• Perform research for the product/service
  • Compare similar products/services along criteria that are meaningful to their usage of the product or service
  • Select the product or service that they feel best addresses their selection criteria.

A customer’s key Moment of Truth in this Customer Scenario pattern is “I want to find the product or service that best addresses my requirements.” The Metrics for this Moment of Truth qualify or quantify the time to perform the research and comparison, the ease with which they can be performed, the channel on which they can be performed, and, ultimately, that a selection that meets the customer’s specific parameters can be made within the customers’ desired time frame.

Select a Mobile Phone Family Plan

In this Moment of Truth Test-drive report, we’ll role play the customer persona who uses online, self-service facilities to research, compare, and select a family plan for mobile phone calling and text messaging to suit his family’s needs. We’ll name this customer persona M.T. Nestor.

M.T. is looking for a new plan because his 18-year-old twins, Martin and Theresa, are going off to college, and his wife, Marie, wants to make sure that it is very easy for the family to stay in touch. Not only is she concerned about the twins calling her and her husband, but the kids are going to different colleges—one in Ann Arbor, Michigan, and the other in Montreal, Canada—and they have never been apart for any length of time. Therefore, text messaging between the countries is very important. The Nestors are a bit concerned about the Canada requirement, suspecting that U.S.-based plans aren’t set up to provide this type of border-crossing flexibility in standard plans.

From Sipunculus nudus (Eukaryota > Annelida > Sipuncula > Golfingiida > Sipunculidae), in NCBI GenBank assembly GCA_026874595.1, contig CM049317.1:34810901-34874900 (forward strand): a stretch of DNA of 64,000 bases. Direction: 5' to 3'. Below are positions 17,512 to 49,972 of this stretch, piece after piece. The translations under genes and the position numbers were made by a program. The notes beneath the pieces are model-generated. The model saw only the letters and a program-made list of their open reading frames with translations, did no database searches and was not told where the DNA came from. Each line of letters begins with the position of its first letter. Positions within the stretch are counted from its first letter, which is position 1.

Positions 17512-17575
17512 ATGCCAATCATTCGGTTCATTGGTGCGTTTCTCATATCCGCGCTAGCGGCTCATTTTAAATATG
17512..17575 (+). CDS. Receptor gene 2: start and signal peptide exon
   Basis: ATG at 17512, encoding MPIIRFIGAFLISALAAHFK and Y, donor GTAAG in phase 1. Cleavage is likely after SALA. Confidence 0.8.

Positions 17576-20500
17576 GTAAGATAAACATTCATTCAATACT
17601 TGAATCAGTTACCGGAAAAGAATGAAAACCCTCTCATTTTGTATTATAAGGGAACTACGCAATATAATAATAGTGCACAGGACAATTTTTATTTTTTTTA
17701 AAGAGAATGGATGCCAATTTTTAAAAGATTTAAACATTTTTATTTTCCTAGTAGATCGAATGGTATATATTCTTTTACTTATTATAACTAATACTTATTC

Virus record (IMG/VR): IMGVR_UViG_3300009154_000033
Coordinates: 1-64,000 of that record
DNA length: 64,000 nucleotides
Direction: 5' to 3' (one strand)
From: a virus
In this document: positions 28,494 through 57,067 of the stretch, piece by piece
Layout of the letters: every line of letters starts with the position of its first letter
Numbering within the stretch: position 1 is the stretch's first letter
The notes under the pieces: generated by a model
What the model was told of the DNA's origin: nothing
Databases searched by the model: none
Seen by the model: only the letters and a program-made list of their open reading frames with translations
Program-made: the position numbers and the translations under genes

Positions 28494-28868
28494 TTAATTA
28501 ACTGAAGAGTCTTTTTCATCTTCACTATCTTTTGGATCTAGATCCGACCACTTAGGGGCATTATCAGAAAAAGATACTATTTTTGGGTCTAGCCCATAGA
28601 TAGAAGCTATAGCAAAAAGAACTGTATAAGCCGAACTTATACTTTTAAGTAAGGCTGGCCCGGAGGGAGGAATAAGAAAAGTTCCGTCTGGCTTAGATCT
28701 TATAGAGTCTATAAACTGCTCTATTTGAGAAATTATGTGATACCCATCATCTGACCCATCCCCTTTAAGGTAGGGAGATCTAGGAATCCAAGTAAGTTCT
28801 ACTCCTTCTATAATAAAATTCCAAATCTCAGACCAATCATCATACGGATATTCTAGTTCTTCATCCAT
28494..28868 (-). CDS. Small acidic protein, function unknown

Because M.T. is better at this sort of research and decision making, he is charged with finding the right plan at the right price. However, as the owner/manager of a restaurant, he has very limited time to investigate options, and he wants to do his research online in his few spare minutes during the day… and night.

M.T.’s Moment of Truth is, “I can easily find a family plan that meets all my needs.” His metrics for this Moment of Truth are:

1. I can find all the information I need on the Web site without making a single telephone call.

2. I can find an affordable plan (under $120 per month) with sufficient minutes (over 1000 per month).